All they have to do then is book their treatment with the spa, lie back, and enjoy!

Why should I take part?

This is the biggest campaign in the Spa calendar year to attract more of the public into Spas and Salons. All of the hard work is done by the UK Spa Association to make sure that this campaign gets maximum national coverage. All of the PR and advertising will heavily promote and point the public to visit this website,  

As a spa or salon, all you have to do as a minimum is register for FREE on the website and provide details of the special offers on your treatments throughout the week. You should then start receiving more enquiries from members of the public than ever before without having to go out and find them yourself!

As a member of the public interested in giving spa a try, all you have to do is sign up here, enter your name, email address and postcode and we will send you updates on things happening in the week and point you in the direction of offers happening near you.

Why would you not want to take part and risk missing out? 

What do I have to do?

Most importantly you need to register for FREE on this website and provide details of the special offers that you will be promoting on your treatments throughout the week.

The offers apply to anyone making a booking for a treatment during the week, although obviously not all bookings will be redeemed during the week itself, so the promotional prices should still be valid when the client actually receives the treatment they booked.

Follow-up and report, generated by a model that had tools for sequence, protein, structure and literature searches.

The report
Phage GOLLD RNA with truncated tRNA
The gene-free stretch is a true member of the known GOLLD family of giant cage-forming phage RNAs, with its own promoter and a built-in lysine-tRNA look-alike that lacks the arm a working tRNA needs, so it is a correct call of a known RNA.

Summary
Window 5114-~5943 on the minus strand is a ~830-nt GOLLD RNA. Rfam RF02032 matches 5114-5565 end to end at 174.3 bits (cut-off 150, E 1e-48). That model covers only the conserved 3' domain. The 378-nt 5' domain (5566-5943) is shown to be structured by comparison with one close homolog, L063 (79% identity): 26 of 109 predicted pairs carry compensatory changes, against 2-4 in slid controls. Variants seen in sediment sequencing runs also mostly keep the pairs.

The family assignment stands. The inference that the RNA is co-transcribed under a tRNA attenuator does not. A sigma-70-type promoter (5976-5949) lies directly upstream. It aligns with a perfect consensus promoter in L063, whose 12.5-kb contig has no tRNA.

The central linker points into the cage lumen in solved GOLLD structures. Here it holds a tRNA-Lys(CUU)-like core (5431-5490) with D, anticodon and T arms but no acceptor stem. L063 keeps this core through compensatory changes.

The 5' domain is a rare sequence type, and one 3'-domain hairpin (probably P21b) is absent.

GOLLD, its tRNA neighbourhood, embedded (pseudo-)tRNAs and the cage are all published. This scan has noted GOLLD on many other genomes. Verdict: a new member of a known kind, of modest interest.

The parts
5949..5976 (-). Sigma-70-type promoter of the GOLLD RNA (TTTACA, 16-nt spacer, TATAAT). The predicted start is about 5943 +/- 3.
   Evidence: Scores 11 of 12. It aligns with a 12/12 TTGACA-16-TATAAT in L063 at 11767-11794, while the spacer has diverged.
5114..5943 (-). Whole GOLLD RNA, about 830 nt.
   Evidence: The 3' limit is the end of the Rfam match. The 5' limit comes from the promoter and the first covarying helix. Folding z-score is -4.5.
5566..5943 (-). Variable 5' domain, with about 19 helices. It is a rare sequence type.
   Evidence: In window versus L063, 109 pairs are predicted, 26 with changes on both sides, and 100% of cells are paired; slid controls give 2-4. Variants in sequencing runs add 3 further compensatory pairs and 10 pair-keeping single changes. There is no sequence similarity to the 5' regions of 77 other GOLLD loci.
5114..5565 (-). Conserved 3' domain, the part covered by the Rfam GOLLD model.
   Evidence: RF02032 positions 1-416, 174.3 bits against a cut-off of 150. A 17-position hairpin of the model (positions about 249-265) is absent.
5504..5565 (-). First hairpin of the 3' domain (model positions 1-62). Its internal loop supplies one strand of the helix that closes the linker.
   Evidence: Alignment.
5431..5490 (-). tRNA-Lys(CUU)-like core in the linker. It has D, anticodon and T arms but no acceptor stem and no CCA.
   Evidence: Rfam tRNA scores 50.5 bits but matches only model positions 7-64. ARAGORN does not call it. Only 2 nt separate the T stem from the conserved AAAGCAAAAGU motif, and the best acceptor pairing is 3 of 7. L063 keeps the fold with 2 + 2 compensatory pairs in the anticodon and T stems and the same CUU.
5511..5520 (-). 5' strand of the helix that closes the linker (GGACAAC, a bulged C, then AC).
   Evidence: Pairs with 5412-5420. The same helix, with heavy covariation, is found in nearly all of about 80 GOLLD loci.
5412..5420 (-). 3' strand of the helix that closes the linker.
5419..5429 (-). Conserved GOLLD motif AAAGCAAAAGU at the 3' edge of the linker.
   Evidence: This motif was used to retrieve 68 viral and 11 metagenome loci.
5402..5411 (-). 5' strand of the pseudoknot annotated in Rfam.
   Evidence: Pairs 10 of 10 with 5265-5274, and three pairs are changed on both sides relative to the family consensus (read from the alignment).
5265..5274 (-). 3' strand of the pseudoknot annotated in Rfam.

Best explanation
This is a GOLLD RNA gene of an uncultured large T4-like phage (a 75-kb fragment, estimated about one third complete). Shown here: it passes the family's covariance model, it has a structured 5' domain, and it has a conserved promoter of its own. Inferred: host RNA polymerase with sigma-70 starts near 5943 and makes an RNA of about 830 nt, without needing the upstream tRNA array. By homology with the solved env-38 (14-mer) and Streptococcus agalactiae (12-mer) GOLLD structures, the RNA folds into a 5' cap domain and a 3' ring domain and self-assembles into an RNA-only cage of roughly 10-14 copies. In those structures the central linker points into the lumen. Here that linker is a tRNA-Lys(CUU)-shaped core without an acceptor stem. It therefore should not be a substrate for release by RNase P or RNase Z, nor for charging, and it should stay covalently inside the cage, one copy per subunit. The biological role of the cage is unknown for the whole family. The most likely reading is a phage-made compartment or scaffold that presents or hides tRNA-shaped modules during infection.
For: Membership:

You will find a whole host of support materials available to you once you register to help you shout about the fact you are taking part in the week. You will also find ideas of other events and promotional offers that you can run if you want to really go over and above to attract new clients into your business.

How do I register?

Visit this page and follow the registration instructions. We need all your contact details and the details of the promotions and offers you will be providing. Your spa or salon will then be displayed geographically on the interactive map so that any member of the public looking for a participating spa will be able to find you. If they hover over your flag they will be able to see more details about you, and then if they click further they will be taken to your own dedicated page….so the more information you provide about yourself the better your FREE advertising opportunity.

How much does it cost to take part?

It will not cost you anything to take part in National Spa Week, other than the offers that you will be providing on your treatments. However, just like any promotion you would normally run, those initial costs will be offset by the new clients you gain because of the week, especially if you give all those new clients plenty of reasons to keep coming back to you in the future.

What you get from being part of this week that you wouldn’t if you were just organising your own promotions is lots of free national, regional and local advertising on your behalf!